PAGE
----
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Audi Heads to the Future with Electric Power

The carmaker is reshaping its future portfolio to include more EVs, both for consumers and motorsport competition.

Audi has a clear vision for the future. As early as 2025, one in three Audi cars delivered is planned to be an electric vehicle. Even before this date, the portfolio of the brand with the four rings will include more than 20 electric and plug-in hybrid vehicles—spread across all segments and all models.

The first vehicle to be launched in 2018 will be the sporty Audi e-tron SUV, enabling a range of more than 500 kilometers. It will be followed in 2019 by a four-door grand tourer. In 2020, Audi will be extending its electric offering by a compact model. From 2021 on, all the core model ranges are planned to be electrified, including mild hybrid technology. Including the planned volume growth, a third of all Audi models will be electrified in 2025—either fully electric or with a plug-in hybrid.

A 3.0 TDI engine and an electric motor provides a combined output of 275 kW (373 hp) and torque of 700 Nm. TDI refers to a turbocharged direct injection engine featuring turbocharging and cylinder-direct fuel injection. In all-electric mode, it achieves a range of up to 56 kilometers, producing zero local emissions. It is the world’s first plug-in hybrid with a V6 diesel engine and quattro drive.  

The Audi e-tron FE04, ready to race.

The quattro name is used by Audi to describe a four-wheel-drive system, or any four-wheel-drive version. The Audi Quattro was the first rally car to take advantage of the then-recently changed rules that allowed the use of four-wheel drive in competition racing.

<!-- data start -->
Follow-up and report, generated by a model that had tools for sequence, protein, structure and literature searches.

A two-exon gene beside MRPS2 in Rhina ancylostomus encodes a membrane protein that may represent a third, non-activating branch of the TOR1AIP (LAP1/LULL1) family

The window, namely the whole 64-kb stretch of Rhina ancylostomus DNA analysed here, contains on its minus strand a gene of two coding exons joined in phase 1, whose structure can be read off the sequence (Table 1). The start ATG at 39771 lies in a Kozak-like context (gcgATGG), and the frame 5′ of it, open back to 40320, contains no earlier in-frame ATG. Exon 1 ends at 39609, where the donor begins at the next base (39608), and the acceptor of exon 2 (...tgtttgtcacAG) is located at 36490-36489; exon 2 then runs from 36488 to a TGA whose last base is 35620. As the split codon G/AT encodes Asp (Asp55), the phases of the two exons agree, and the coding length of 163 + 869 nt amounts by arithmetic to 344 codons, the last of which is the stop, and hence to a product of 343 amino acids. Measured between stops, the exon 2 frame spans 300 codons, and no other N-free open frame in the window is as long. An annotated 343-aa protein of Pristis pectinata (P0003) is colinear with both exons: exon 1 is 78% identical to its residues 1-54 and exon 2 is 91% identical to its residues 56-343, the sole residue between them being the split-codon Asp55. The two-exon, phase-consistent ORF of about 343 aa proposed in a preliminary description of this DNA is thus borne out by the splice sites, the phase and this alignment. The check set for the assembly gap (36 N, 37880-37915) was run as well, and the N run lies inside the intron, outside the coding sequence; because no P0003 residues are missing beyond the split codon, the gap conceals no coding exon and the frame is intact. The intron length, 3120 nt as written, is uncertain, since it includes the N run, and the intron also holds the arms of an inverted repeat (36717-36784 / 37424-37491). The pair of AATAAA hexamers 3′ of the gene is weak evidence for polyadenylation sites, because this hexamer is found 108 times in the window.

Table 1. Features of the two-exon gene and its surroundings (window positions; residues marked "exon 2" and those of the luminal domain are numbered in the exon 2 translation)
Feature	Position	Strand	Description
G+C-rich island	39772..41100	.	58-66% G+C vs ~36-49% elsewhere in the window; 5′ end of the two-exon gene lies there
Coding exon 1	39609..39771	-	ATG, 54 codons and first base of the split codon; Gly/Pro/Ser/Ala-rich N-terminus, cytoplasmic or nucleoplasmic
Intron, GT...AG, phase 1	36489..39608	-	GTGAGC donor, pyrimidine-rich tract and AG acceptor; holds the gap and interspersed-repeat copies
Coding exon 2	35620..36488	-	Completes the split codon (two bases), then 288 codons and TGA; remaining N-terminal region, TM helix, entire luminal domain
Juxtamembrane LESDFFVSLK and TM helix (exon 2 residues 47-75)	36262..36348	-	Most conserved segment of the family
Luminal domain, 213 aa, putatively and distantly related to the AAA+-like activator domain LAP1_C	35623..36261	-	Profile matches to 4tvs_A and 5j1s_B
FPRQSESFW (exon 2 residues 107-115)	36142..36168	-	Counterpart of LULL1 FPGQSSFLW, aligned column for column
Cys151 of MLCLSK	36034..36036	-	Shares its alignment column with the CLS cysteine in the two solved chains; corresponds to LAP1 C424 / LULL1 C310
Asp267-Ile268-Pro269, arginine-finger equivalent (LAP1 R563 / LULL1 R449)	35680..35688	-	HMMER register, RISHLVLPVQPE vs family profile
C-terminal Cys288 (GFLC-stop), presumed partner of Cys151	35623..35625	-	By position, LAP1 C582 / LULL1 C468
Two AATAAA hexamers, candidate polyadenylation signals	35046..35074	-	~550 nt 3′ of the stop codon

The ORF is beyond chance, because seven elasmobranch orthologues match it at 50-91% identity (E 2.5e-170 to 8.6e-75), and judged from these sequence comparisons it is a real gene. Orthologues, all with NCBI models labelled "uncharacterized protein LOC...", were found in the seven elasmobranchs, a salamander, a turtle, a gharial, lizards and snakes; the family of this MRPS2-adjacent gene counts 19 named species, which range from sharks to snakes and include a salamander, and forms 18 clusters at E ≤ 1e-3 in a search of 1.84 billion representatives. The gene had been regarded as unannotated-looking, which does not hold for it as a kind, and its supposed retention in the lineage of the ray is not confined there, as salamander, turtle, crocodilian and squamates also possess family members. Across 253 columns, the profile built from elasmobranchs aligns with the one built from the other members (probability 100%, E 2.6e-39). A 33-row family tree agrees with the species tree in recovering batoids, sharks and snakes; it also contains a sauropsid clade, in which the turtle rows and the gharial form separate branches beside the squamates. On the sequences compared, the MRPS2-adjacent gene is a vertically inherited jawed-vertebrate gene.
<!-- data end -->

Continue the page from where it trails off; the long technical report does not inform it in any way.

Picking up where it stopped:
The four-door design vision Audi Aicon provides a glimpse of the decade after next. The company unveiled a fully automated Audi of the future at the 2017 IAA. In a visionary way, the technology showpiece combines innovations in the areas of the powertrain and chassis, digitalization, and sustainability. The Aicon is designed for all-electric operation and is supposed to be able to cover distances between 700 and 800 kilometers on a single battery charge.

Audi is now racing in Formula E, as well—the first German automobile manufacturer to do so—with the Audi e-tron FE04.

Together with official technology partner Schaeffler, Audi has developed a new powertrain that will be fielded in the Audi e-tron FE04 in the 2017/2018 season. The combination of the motor and transmission is the car’s centerpiece. The engineers primarily focused on designing the motor-generator unit (MGU) for even greater efficiency. As a result, acceleration out of corners in particular is enhanced. The maximum output of the motor in qualifying is limited to 200 kW (272 hp) and in the race to 180 kW (245 hp). Via the so-called “FanBoost,” power of up to 200 kW (272 hp) can be made available to the drivers for a short period of time.

Power to the Audi e-tron FE04 is supplied by a battery weighing 200 kilograms that Williams Advanced Engineering has developed, and that is identical for all cars. The lithium-ion battery has a capacity of 34 kWh, of which 28 kWh may be used. It sits between the driver’s seat and the powertrain.

To transmit the power to the wheels, the Audi Sport ABT Schaeffler (appearing in the new season) is using a high-efficiency transmission with one instead of the previous three gears. A central display provides all the key information on the condition of the MGU, the system temperatures, which are particularly important with an electrically operated race car, and the current charge state of the battery.